I can remember back to junior high school when I took earth science from Mrs. Garrett. One of the lessons we worked through was an introduction to the periodic table of elements. Mrs. Garrett diligently divided the table into their appropriate categories and assigned us memorization work for each segment. It was hard.
Now, don’t get me wrong. Mrs. Garrett was a good teacher and I remember her fondly throughout my schooling years, as she was the homeroom teacher for my class and in our small rural area our school was a combined junior and senior high school. So I had her for several classes. She was a good teacher who cared for her students. But, learning the periodic table is hard and memorizing those elements is even harder.
In fact, ask me today to name 10 in order and I couldn’t do it.
I do think it’s important to have a good understanding of the elements and their function in nature. Which is why this year we are doing a Chemistry study. My Young Man is so different from me! He actually likes memorizing facts and the periodic table is no exception. I would venture to guess that when he is my age he’ll be able to name every single element, and even the ones they keep adding.
Yet as a homeschool teacher I still want to present lessons to him in a fun, encouraging way that will help him to expand his knowledge on any given subject. The Periodic Table is no exception to that desire.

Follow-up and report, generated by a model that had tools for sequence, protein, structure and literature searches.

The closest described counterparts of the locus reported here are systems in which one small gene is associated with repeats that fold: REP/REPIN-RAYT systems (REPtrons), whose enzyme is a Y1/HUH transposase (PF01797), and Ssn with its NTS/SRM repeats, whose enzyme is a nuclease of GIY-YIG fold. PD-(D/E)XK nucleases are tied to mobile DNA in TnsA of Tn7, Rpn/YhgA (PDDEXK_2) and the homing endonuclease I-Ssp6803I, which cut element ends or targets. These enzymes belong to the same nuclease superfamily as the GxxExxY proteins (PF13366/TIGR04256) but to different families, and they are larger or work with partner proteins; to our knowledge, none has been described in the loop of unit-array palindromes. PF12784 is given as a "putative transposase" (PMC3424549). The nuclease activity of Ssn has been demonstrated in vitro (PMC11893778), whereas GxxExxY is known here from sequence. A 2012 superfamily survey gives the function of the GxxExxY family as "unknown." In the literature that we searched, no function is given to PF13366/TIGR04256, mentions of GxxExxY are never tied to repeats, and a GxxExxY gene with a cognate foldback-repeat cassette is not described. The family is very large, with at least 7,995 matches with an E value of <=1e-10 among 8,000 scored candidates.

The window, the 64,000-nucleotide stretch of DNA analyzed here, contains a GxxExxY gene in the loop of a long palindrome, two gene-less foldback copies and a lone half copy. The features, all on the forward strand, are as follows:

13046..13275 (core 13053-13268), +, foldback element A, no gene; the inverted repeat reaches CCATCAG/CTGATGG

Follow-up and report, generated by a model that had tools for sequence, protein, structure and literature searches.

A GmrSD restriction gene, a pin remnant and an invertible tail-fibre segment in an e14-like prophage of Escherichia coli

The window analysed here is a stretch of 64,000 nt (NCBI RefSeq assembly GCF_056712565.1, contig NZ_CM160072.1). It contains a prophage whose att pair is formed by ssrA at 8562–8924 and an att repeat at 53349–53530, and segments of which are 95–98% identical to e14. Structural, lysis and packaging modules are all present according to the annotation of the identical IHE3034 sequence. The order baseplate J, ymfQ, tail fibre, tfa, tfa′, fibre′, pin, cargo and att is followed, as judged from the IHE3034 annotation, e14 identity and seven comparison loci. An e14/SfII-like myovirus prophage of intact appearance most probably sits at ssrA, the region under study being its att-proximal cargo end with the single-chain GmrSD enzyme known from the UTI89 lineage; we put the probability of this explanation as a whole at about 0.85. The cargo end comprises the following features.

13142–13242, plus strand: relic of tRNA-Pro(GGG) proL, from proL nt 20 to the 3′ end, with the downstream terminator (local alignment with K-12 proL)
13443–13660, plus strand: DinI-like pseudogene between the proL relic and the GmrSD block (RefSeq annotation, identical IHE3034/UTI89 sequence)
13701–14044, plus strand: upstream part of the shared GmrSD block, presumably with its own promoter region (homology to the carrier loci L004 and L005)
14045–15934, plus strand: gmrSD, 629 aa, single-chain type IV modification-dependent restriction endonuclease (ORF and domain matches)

One of the advantages of being a homeschool blogger is being able to share products and services with you by doing compensated reviews. I was granted use of Memorize the Periodic Table for free and am being fairly compensated for my time reviewing the product. All opinions are my own and I am not required to write a positive review.
Combining Auditory Learning with Visual Learning
A Great Way to Memorize the Periodic Table
When I first learned of the Memorize the Periodic Table I was instantly intrigued. Because they utilize mnemonics I knew that the videos would serve as an excellent resource for our homeschool science endeavors. I often use word association to remember things. I do this when I meet someone new. I do a quick name association in my head. I think of another person with the same name and then when I encounter that person again I am able to remember their name because I think of the other person I know with the same name.
So considering the word association method as a way to memorize the elements on the periodic table I instantly thought it was a great idea. Then I realized that not only does it do so with word association but also with a visual animation, thus creating a visual memory. This means that whether a student is an auditory learner or a visual learner they will have not one but two associated prompts to help them to remember. (For more information on how to utilize visual memory to grow recall memory, see these short visual memory videos.)
I especially like that these lessons incorporate some words that may be new to a student, like the word, polo which is a British game but isn’t very common in the U.S.. Blending common words with lesser known words as part of word association coupled with a word picture not only allows the student to remember the element, but also allows them to have a visual reminder of a new word.
When I first showed the introductory video to Jonathan, he was instantly hooked! I couldn’t tear him away. After proceeding through the first 20 elements, which by the way you can view for free, he asked if we could do the rest. So after his Chemistry lessons, he gets anywhere from 20 – 30 minutes to work his way through the videos. There is no pressure from me, he can learn at his own pace.